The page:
James and I just celebrated our 40th anniversary! Here is a gift from a new friend who lost her husband last year after 38 years together. She told me how she found this plate her late husband bought in anticipation of their anniversary. Now she wanted me to have it to share her blessings. I was so touched by her story and generosity. The love of Christ is so evident in her!
Skip forward to today, we get along well, enjoy each other, and help each other. We accept our differences, appreciate our uniqueness, and are amazed how God put us together for His purpose.
How about you? Are you frustrated, disappointed and hurt that your marriage is not going your way? Take some time to Give Your Relationship A Tune-Up.
Buy a car and you get a wonderful machine, ready to go for thousands of miles and, likely, many years. You also get a hefty owner's manual with operating instructions and lots of written reminders for yearly check-ups and tune-ups. Chances are you'll have several years of warranty, and of course, if something is seriously wrong, you can take it back.
Find a partner—and you're on your own. There seems to be no owner's manuel, no operating instructions, warranty or guarantees for the road ahead. But is it true?
"Think about it: the requirements for a driver's license are tenfold the requirements for a marriage license," writes Phil McGraw, Ph.D., in his book Relationship Rescue. He adds, "The very society that has taught you that it is good and right and natural to share your life with another person... never bothered to teach you how to do that."
As Christian, how do you think and feel about treating the Bible as an instruction book for life, marriage and interpersonal relationships?
Most of us can do without a car if need be, but few of us want to do without love. Within most of us, there is a basic human longing for connection and relationships with others. For many, the backdrop of a loving, committed relationship gives us the space to learn about ourselves and grow deeper as we age.
Like cars, relationships need maintaining and regular tune-ups. But because they don't come with operating instructions, below is a simple maintenance guide to help you keep your love relationship strong, healthy and on the road for years.
Know What Kind of Driver You Are
Recent research has shown several things strengthen a marriage and other long-term partnerships: communication, honesty and spending time together. Just as important is knowing yourself and what you bring to a relationship. When you connect with yourself, and work on those challenging parts of yourself, you create a stronger and better partner for someone else. That isn't just true in the first flush of falling in love, it's true for the many years that follow. "Being intimate with ourselves is the necessary foundation for being intimate with others," writes John Amodeo inBeing Intimate: A Guide to Successful Relationships.
It's Not Always the Other Driver's Fault
Taking responsibility for your feelings and actions is one of the greatest gifts you can bring to a relationship. You know that "other guy" who's the worst driver on the road? That just might be you. Own up to what's yours, and be clear with your partner about what you're feeling or needing. Try not to make your problems their fault.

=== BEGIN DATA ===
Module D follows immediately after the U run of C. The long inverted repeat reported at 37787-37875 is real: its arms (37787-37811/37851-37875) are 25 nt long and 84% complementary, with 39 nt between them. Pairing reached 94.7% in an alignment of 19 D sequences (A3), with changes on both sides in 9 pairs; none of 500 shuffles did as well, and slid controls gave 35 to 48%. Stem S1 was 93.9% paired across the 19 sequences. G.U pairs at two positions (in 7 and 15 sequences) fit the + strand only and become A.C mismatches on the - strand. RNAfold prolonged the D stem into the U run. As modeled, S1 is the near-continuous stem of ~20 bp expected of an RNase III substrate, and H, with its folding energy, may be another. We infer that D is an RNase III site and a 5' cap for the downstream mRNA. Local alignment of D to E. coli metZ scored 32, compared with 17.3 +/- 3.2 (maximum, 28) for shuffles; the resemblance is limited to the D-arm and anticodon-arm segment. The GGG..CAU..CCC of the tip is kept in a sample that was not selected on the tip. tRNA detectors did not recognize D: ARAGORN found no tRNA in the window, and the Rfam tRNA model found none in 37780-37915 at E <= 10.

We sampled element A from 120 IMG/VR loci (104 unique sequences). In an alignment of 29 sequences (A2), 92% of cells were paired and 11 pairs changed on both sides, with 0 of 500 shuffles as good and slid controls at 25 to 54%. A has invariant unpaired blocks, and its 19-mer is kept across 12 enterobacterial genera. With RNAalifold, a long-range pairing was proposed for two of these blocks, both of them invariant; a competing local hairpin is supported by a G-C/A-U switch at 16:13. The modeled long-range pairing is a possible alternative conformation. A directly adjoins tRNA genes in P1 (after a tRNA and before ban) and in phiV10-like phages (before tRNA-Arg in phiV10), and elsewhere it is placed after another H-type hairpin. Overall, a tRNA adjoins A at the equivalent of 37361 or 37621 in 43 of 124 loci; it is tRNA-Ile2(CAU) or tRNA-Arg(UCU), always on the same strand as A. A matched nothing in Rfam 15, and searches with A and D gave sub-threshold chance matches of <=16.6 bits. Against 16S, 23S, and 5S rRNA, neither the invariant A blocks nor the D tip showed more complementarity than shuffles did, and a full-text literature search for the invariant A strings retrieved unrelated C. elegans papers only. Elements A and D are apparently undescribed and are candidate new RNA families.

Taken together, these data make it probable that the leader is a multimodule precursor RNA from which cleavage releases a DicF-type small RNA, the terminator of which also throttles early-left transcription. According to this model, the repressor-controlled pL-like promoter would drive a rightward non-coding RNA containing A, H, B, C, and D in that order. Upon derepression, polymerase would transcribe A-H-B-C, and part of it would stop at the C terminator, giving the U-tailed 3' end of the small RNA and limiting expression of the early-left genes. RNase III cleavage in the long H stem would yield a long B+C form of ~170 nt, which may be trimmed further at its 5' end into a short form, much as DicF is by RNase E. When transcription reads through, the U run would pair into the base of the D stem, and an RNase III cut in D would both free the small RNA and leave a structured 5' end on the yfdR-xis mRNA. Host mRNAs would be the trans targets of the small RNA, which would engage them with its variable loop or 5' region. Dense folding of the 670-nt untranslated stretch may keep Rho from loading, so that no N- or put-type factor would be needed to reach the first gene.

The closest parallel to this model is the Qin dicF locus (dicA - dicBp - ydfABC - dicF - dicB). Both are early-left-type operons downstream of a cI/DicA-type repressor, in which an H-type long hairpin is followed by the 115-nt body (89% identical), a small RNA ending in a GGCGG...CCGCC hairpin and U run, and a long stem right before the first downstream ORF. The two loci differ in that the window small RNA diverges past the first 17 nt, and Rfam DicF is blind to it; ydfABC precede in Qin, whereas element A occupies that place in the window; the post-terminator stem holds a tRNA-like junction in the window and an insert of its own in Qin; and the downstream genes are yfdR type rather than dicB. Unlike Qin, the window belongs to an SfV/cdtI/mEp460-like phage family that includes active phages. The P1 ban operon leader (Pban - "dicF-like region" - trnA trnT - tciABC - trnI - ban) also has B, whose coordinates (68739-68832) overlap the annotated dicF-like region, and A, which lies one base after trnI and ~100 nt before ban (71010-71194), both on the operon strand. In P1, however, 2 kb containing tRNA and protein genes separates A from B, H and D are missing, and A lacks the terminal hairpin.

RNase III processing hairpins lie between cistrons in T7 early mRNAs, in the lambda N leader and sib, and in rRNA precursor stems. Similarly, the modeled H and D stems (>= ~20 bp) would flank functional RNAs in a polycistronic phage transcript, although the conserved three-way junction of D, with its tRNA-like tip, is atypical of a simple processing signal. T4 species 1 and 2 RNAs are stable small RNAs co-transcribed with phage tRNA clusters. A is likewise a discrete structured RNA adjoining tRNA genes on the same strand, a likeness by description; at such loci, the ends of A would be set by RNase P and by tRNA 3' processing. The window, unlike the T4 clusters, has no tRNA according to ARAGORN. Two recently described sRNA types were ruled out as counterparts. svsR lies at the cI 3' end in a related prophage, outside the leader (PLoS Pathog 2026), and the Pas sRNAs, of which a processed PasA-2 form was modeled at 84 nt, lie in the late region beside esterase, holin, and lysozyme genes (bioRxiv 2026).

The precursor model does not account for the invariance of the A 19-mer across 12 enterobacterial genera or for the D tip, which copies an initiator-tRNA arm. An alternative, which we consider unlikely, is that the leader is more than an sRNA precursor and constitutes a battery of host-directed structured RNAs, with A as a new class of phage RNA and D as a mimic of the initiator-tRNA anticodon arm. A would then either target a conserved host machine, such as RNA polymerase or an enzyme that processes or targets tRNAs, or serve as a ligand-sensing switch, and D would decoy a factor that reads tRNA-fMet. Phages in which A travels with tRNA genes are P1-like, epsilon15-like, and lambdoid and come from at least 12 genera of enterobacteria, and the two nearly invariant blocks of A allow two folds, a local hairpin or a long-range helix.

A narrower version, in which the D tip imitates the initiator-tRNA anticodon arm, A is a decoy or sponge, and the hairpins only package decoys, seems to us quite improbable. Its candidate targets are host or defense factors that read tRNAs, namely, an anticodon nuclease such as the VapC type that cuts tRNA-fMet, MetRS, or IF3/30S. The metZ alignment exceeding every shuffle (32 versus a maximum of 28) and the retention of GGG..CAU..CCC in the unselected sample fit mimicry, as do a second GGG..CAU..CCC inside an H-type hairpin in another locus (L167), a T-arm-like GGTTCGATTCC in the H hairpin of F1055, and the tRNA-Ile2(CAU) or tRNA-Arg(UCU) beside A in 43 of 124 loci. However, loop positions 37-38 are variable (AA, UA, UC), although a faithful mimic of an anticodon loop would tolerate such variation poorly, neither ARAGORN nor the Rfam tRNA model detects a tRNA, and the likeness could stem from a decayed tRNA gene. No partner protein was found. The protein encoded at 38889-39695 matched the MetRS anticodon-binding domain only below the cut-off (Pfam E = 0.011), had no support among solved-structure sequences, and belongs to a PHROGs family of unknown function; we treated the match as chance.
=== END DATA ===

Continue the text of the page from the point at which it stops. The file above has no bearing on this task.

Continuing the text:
"We all stumble in many ways. Anyone who is never at fault in what they say is perfect, able to keep their whole body in check." (James 3:2)
Watch the Warning Lights
Cars give us little signs that something is wrong—perhaps the wheels are out of alignment or the oil light goes on. Our partners or spouses also send little warning signs that something is not quite right, and it's better to deal with the problems in the early stages, so that everything is in good working order when real crisis hits. After all, when another car pulls out in front of you, that's not the time to wonder if you had the brakes checked.
A Wash and Wax Doesn't Hurt
Are you a road hog? An impatient and irritable driver? Do you refuse to let someone into line during traffic or lean too heavily on your horn? Try a little tenderness. Sometimes we treat people we don't know a lot better than the ones we've lived with for years, and we forget simple courtesies: a loving tone, a touch, a word of appreciation.
Accept the Little Dents and Scratches
Even the "perfect" car turns out to have quirks and challenges. So do our partners—those "perfect" people we fell in love with once upon a time. Before you get angry, decide which issues are worth pursuing, and let the rest go.
Bless This Car
How many of us are grateful for this metal conglomeration of thousands of parts that somehow work together to take us to where we want to go? The same goes for our love relationships. Stop, turn off the ignition and take a moment to be grateful for your spouse or partner and the love you both share.
Get Help Before the Engine Fails
Like a car, you can fix many of the small problems in a relationship by yourself. But sometimes that ominous clanking under the hood is a signal that something is seriously wrong and a quick fix won't work. That's when it's time to find a "relationship mechanic"—that is, a counselor or therapist—who will help you diagnose what's wrong, and guide you on getting your relationship back on the road.
A relationship with another human being is so much more complex than owning a car. So, too, is the work required to keep a long-term relationship vibrant, passionate and strong. In the end, maintaining something that enriches us is surely worth the investment and sacrifice.
Are you desperate for hope, help and healing in your relationship? I'd be glad to share with you a tune-up grounded in God's love, acceptance and forgiveness that saves marriages.
"Now that you have purified yourselves by obeying the truth so that you have sincere love for each other, love one another deeply, from the heart." (1 Peter 1:22).
Author's content used with permission, © Claire Communications